Get involved in the local arts scene

By: Carol Feineman - Editor News Messenger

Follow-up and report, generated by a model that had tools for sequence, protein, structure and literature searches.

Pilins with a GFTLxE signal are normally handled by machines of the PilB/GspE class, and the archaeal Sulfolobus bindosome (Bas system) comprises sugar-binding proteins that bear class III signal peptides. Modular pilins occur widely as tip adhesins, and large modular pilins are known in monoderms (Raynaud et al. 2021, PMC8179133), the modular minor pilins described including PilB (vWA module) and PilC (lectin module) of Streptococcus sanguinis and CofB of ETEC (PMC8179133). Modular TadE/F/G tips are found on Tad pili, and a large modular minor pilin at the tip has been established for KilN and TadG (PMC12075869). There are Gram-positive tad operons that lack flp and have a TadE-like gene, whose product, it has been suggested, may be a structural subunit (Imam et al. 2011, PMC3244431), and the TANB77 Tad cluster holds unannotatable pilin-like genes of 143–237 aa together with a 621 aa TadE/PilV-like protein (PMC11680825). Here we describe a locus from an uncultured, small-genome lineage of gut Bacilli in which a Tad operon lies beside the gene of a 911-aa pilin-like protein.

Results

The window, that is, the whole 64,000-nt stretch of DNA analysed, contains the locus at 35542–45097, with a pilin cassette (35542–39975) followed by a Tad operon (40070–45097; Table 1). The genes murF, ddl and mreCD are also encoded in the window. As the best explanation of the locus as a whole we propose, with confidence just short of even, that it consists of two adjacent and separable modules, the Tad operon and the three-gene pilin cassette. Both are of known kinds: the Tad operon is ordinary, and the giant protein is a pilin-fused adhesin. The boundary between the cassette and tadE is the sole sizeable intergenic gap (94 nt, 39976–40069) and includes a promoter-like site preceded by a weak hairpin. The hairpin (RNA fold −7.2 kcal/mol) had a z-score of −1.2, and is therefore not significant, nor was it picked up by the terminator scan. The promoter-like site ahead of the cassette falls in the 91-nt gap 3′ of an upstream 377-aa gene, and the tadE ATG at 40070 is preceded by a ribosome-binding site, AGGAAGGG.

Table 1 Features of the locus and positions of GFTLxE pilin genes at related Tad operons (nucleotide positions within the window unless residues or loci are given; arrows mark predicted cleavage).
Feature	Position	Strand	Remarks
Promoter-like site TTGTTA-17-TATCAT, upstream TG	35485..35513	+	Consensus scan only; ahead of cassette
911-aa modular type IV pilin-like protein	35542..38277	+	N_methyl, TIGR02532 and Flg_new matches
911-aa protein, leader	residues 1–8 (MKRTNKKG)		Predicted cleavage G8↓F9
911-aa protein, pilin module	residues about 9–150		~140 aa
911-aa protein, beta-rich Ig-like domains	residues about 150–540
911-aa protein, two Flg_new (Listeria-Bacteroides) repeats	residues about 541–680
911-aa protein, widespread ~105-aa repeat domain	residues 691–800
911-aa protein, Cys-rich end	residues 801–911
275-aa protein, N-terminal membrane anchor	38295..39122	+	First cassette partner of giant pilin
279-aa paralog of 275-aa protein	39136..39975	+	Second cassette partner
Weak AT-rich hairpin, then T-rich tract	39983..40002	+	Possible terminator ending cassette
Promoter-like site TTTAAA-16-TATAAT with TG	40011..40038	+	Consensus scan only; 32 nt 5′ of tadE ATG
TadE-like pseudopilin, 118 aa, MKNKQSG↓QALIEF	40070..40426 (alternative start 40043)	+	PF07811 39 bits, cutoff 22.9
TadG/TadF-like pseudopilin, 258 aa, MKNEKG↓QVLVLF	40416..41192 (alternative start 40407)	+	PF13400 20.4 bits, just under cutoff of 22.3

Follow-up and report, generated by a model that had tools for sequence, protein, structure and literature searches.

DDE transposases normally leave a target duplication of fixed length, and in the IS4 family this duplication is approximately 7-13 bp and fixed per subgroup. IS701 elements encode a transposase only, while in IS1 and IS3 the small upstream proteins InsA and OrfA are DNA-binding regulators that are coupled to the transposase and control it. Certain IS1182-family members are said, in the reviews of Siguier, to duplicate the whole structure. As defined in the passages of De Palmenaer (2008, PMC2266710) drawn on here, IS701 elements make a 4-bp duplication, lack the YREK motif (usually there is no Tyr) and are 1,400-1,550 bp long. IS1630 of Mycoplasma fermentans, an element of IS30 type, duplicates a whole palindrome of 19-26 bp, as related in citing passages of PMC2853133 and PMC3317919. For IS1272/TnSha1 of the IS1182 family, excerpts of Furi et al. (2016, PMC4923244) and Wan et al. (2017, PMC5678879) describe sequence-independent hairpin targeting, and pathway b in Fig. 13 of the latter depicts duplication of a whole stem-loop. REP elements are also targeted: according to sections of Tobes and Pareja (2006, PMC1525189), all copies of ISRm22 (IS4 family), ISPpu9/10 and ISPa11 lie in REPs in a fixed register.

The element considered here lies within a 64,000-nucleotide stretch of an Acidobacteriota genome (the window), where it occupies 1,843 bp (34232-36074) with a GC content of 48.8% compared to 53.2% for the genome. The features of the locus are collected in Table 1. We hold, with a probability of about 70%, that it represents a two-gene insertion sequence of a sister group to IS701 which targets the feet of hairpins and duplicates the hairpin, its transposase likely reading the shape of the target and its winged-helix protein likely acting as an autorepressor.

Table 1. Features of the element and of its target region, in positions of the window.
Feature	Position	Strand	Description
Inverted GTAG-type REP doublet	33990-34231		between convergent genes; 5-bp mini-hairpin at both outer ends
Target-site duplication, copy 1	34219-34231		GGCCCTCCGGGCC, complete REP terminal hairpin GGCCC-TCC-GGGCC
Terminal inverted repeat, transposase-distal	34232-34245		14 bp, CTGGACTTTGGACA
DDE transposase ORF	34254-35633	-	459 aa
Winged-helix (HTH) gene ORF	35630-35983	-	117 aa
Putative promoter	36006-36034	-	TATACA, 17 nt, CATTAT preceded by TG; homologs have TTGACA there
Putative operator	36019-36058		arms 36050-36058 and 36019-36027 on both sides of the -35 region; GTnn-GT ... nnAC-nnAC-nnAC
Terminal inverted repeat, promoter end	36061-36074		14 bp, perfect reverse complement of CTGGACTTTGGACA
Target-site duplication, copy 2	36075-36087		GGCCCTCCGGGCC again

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The arts are not dead in Lincoln. That’s despite Lincoln Arts shutting down after a 25-year presence here. Some residents were unhappy over the sudden announcement on Feb. 3 by Lincoln Arts that it is dissolving (see Feb. 9 News Messenger front page, “An end of an era. Lincoln Arts – Oct. 1986 to Feb. 2012”). But this news that upset some residents actually leads the way for an arts revitalization. The Lincoln Arts board dissolving the organization that embraced all genres has, in doing so, created a catalyst for other community members to create a more relevant and active organization. Lincoln Arts was founded in October 1986 with the purpose “to support and promote arts and culture in the Lincoln area.” That purpose was significantly carried out by the annual Feats of Clay four-week celebration. The celebration, for 24 years, included a four-week juried clay art competition in the downtown 136-year-old Gladding, McBean terra-cotta factory along with factory tours; a ClayFest one-day street festival and a Teams of Clay competition among area businesses. Lincoln Arts also had a big presence with ongoing gallery exhibits featuring high school students up to professional artists, summer concerts and art classes. While Lincoln Arts has enriched the community during the last 25 years, the organization stalled four or five years ago, according to long-time residents I spoke with this week. In recent years, the organization suffered from lack of funds, mistrust by some community members and disagreements between several board members and executive director Claudia Renati. A July 2010 petition with 200 signatures by members, former members and residents asked for independent and annual financial and management audits, starting for fiscal years 2009 and 2010. And I’ve received calls from artists and Lincoln Arts members asking who the organization’s attorney is, since Renati and President June Reeves said last week that the Feats of Clay name is trademarked and can’t be used for 10 years. Renati mentioned a week ago that “the wagons are circling” the Lincoln Arts building. But what’s the big deal? Feats of Clay is just a name. There’s nothing to stop a new arts organization from putting on the festival next year and calling it something else. And while it’s good to note what went wrong, it’s also good to remember the joy that Lincoln Arts brought to residents for more than two decades. Now it’s time to get creative about putting life back into the arts here instead of focusing on semantics and the blame game. Former Lincoln Arts member and Gladding, McBean sculptor Jean Cross mentioned last Thursday that community members want to bring back Feats of Clay and an arts group. But she didn’t want to comment until the grassroots group meets next week. Lincoln Mayor Spencer Short also wants an arts group here. “Many people are concerned this closure will leave a void in the community,” Short said. “But there are too many people in this community who want to see the arts continue and who want to promote this sort of activity. I believe however the organization is re-formed, there will be an organization devoted to the arts in Lincoln.” Short asks anyone interested in “jump starting such an effort” to call him at 434-2490 or e-mail him at spencer@ “We’re looking for people who have an interest in the arts, folks with business background or people who are just interested in the arts and the Lincoln community,” Short said. “We want a cross-section of the community with all ages invited.” Community members should call this week. Short wants to hold an organizational meeting within two weeks – before the end of February. “Lincoln Arts is a community organization. At this point, it’s not about ownership because ownership belongs to the people of Lincoln,” Short said. “We should be concerned with a continuation of great things Lincoln Arts has done. It is my sincere hope that someone can pick up where Lincoln Arts dropped off and bring back Feats of Clay. It appears there was money still available from donors like Thunder Valley to continue Lincoln Arts.” Plus Erik Absalon, Gladding, McBean’s vice president of the clay division, said last week that his company would like to host Feats of Clay again. I am sure that many capable residents will meet with the Lincoln mayor and form a new group. “We hope to organize an organization devoted to tying together arts, sense of community and appreciation for the art history of the greater Lincoln community,” Short added. “Lincoln needs that to promote its sense of place. It’s similar to Lincoln Archives, which connects to our sense of history, and to the Lincoln chamber, which promotes our business community. An arts organization in Lincoln should be a gathering place and a rallying point for the community.”